Applying Cognitive-Behavioral Techniques to Employment Programming for Fathers: Findings from the B3 Study

Publication Date: January 15, 2020
Cover of "Applying Cognitive-Behavioral Techniques to Employment Programming for Fathers"

Download Report

Download Report PDF (1,607.47 KB)
  • File Size: 1,607.47 KB
  • Pages: N/A
  • Published: 2020


Research Questions

  1. In what context was CBI-Emp implemented?
  2. Who participated in the CBI-Emp evaluation and were they the intended population for the B3 study?
  3. To what extent were programs able to engage fathers and for how long?

A father’s support – both financial and emotional – is linked to better outcomes on nearly every measure of a child’s well-being.  However, past research has shown that fathers with previous involvement in the criminal justice system may find it particularly difficult to provide that support as they face challenges finding or maintaining stable employment, housing, and healthy relationships with family and friends.

To continue building an evidence base of effective, innovative programming to support men with prior justice involvement and their families, the Office of Planning Research and Evaluation (OPRE) at ACF contracted with a team led by MDRC using funds from ACF’s Office of Family Assistance (OFA) to conduct the Building Bridges and Bonds (B3) study. B3 identified and is testing new interactive skill-building approaches that address two of the three required Responsible Fatherhood grant program areas, parenting and economic stability, within the context of existing Responsible Fatherhood programs.  The intervention that is addressing economic stability is called the Cognitive Behavioral Intervention for Justice Involved Individuals Seeking Employment (CBI-Emp). The CBI-Emp curriculum builds on evidence from cognitive behavioral skill-building, a practice that aims to help individuals with recent justice system involvement to recognize and modify patterns of thinking and actions that hamper positive outcomes.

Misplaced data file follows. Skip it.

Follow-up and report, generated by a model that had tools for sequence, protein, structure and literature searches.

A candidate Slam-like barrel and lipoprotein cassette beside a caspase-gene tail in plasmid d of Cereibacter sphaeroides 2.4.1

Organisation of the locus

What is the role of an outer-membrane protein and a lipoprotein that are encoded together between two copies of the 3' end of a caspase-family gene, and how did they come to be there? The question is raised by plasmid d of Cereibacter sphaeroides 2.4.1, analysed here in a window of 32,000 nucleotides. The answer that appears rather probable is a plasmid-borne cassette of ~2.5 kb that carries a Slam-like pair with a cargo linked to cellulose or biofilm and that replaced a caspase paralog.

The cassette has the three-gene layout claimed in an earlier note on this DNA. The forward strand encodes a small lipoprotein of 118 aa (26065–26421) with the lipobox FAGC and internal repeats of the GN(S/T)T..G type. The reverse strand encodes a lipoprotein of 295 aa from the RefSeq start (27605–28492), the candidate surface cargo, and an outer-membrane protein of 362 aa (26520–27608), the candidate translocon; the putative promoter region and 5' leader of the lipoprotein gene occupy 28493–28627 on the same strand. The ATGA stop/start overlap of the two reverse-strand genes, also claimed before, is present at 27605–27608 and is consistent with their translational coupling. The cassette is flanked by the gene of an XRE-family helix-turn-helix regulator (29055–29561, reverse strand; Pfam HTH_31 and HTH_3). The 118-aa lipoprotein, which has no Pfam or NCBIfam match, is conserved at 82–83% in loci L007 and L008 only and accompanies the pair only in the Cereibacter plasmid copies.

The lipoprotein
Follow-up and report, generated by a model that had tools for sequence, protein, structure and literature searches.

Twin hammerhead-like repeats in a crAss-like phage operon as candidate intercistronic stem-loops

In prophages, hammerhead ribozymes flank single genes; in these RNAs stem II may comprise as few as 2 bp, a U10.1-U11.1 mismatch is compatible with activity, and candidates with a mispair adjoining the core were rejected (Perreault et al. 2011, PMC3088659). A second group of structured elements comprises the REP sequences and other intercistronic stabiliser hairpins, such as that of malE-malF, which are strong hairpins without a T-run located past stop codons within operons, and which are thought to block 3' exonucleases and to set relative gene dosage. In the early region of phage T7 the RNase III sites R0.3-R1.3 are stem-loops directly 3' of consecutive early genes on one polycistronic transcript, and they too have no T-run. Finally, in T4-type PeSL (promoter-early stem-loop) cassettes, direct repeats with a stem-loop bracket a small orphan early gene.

For the B3 study, three organizations offering Responsible Fatherhood programming implemented CBI-Emp. Fathers were randomly selected to participate in the organizations’ usual menu of services or CBI-Emp in addition to the usual menu of services. Using data collected through the B3 process study, this brief describes how each organization implemented CBI-Emp within their existing services and how fathers engaged in both CBI-Emp and the organizations’ usual menus of services.


This brief presents the first systematic analysis of how three existing fatherhood programs implemented CBI-Emp as part of the B3 process study. The goal of the B3 process study is to provide insight into the different services received by each of the study groups as context for interpreting future impact study findings. This initial analysis documents the implementation of CBI-Emp and describes how an initial sample of fathers engaged in the CBI-Emp curriculum and each organization’s usual menu of services.

Key Findings and Highlights

The findings presented in this brief demonstrate that while Responsible Fatherhood programs were able to integrate CBI-Emp into three unique organizational contexts as an additional service, implementing CBI-Emp was not without challenges. These challenges included recruiting eligible fathers and engaging them in services. Most notably, 31 percent of the CBI-Emp group never attended a CBI-Emp workshop. However, this level of non-participation mirrors the services as usual group attendance in regular employment services, suggesting a broader engagement issue. This finding is similar to results from other studies.  That said, once CBI-Emp group fathers did attend a CBI-Emp session, most reached the minimum dosage threshold for adequate exposure (as identified by the curriculum developers in coordination with MDRC).


The data presented in this brief come from the B3 process study, baseline surveys, and management information systems. The process study systematically documented the implementation of CBI-Emp using a series of semi-structured interviews with staff members, focus groups with fathers, and program observations. The B3 baseline survey and nFORM Applicant Characteristics Survey were administered at intake to fathers who enrolled in the study. Data from nFORM, the management information system used by federally funded fatherhood programs, were also analyzed.


Manno, Michelle S., Emily Brennan, and Eric Cohn. 2019. “Applying Cognitive-Behavioral Techniques to Employment Programming for Fathers: Findings from the B3 Study.” OPRE Report 2019-110. Washington, DC: Office of Planning, Research, and Evaluation, Administration for Children and Families, U.S. Department of Health and Human Services.

Last Reviewed Date: